By our correspondent
KARACHI: Showing great satisfaction over his charges’ performance in the first Test in Rawalpindi Pakistan’s skipper Babar Azam on Friday said that they would carry the same momentum into the second Test against Australia which will begin here at the National Stadium from Saturday (today).
“I think overall the team’s performance in Pindi remained very good and we set the momentum which we will carry into the next game in Karachi and will try to win it,” Babar told a virtual news conference.
“There is a bit hot here and conditions are different. We have got the momentum and the way we dominated the first Test which saw excellent individual performances and the team did well overall. The way batsmen batted and bowlers bowled Australia out and Nauman picked six wickets was heartening,” Babar said.
Babar said they would have psychological advantage over the visitors following a fine display from his charges in Rawalpindi.
“Yes, we have got psychological advantage after the way we dominated the first Test. It instilled a lot of confidence in the team and we will carry it into the Karachi test,” said Babar in a question from an Australian journalist.
He dispelled the impression that there was a fear factor which forced the authorities to prepare a flat wicket in Rawalpindi during which only 14 wickets fell in five days.
“There was no fear factor,” Babar said. “Conditions are similar for both the teams. The points of the Test Championship are very crucial. As a team it is our plan to win the series. The way our team dominated there is no fear factor at all. We performed and put in our best, although results did not come which were not in our hands. I think the result might have been different had some overs not wasted due to rain,” the skipper said.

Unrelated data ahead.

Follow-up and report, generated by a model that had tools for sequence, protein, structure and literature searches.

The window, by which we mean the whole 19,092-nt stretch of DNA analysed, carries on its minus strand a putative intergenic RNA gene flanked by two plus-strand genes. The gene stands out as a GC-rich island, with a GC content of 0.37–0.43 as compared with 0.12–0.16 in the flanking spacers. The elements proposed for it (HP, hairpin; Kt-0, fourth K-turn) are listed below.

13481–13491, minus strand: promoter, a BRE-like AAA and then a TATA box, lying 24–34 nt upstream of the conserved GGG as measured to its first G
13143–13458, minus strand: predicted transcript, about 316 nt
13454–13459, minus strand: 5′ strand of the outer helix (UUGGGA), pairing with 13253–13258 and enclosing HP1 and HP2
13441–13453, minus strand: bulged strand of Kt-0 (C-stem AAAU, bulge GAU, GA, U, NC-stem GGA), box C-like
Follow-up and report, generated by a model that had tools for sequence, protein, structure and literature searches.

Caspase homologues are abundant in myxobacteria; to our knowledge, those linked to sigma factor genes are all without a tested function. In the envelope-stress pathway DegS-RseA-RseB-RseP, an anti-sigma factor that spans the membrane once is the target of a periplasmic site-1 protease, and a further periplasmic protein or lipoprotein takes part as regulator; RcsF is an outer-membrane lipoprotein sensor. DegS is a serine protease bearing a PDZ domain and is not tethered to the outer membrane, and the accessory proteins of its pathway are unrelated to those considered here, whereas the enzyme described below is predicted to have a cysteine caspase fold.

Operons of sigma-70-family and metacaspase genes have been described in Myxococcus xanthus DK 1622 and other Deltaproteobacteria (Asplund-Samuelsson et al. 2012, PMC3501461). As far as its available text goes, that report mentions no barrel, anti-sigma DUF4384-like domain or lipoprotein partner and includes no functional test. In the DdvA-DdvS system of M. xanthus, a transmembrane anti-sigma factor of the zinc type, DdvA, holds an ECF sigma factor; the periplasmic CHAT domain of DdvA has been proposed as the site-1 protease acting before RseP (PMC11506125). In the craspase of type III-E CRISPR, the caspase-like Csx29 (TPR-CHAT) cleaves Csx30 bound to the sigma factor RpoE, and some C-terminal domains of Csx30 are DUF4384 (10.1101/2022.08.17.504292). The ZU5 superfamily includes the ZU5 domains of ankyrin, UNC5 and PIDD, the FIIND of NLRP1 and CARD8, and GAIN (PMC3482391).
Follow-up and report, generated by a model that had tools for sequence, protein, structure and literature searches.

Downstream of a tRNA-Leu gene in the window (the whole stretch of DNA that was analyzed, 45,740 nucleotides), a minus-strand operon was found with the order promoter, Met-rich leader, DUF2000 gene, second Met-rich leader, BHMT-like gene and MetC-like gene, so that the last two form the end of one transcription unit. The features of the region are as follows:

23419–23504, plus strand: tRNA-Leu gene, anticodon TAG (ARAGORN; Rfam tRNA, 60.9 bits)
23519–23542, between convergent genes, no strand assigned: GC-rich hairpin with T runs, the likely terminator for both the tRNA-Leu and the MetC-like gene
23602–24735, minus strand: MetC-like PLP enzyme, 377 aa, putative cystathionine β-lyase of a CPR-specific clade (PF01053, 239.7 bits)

Asked if Pakistan should not take chances of preparing bouncy tracks as they have fast bowling resources, Babar said it’s not possible.
“It’s not possible to bring Australian conditions here. Every venue has different conditions and here too conditions are different and we utilise them. Here the weather is hot and spinners will get help later on,” Babar said.
He said that the Karachi track looks to be supporting.
“The pitch looks to be supporting. Whatever the sort of pitch will be you will have to work hard to score runs and get wickets. Delivering against tough Australia is always difficult. I think the way the team performed, worked hard and dominated is fantastic. You have to act as per plans in every department. You need patience and the way our team showed patience both in batting and bowling was outstanding and we will continue it,” Babar said.
Babar did not disclose the final XI, saying it was almost decided. “Our two main players Hasan Ali and Faheem Ashraf have also come back and will also consider them,” Babar said.
“In Karachi, earlier on, due to wind, bowlers get assistance and there you need little bit of focus. I am confident the way our batsmen performed in the first game they will carry the same form,” Babar said.
He termed both his team’s batting and bowling strong, saying both departments cannot always click at the same time. “We have strength in both batting and bowling. It depends how you play. It does not always happen that you click in both departments. Sometimes bowling seals win for you and sometimes batting does the same. This is a sort of communication how we take them along. Each of our players is a match-winner. Our leading spinners Sajid and Nauman have delivered and so has been done by the fast bowlers. It’s important how you play as a unit,” Babar said when quizzed what was his team’s strong area.
He also ruled out the impression that Pakistani batsmen batted too slow in Rawalpindi.
“I think we have not batted slowly,” Babar said. “Abdullah Shafique was playing his fourth game and Imam was making a comeback. The way our batsmen played is not appreciated and it is said that we batted slowly. The confidence of Australia’s top four bowlers was very high following a superb Ashes victory. Our batsmen initially observed the situation and read Australian bowlers. And when they knew everything including the pitch behaviour they dominated. They took run-rate even to four and half but you know you cannot dominate every session. Sometimes oppositions also dominate and there you have to play with focus and deny them the wicket which puts pressure on the opponents. They also made certain field adjustments after 80 overs and runs were not easy to come,” Babar explained.
Asked that Australia has decided to go with the leg-spinner Mitchell Swepson in the second Test and whether he has seen him, Babar said: “We have not seen him much and will look at his videos and then plan.”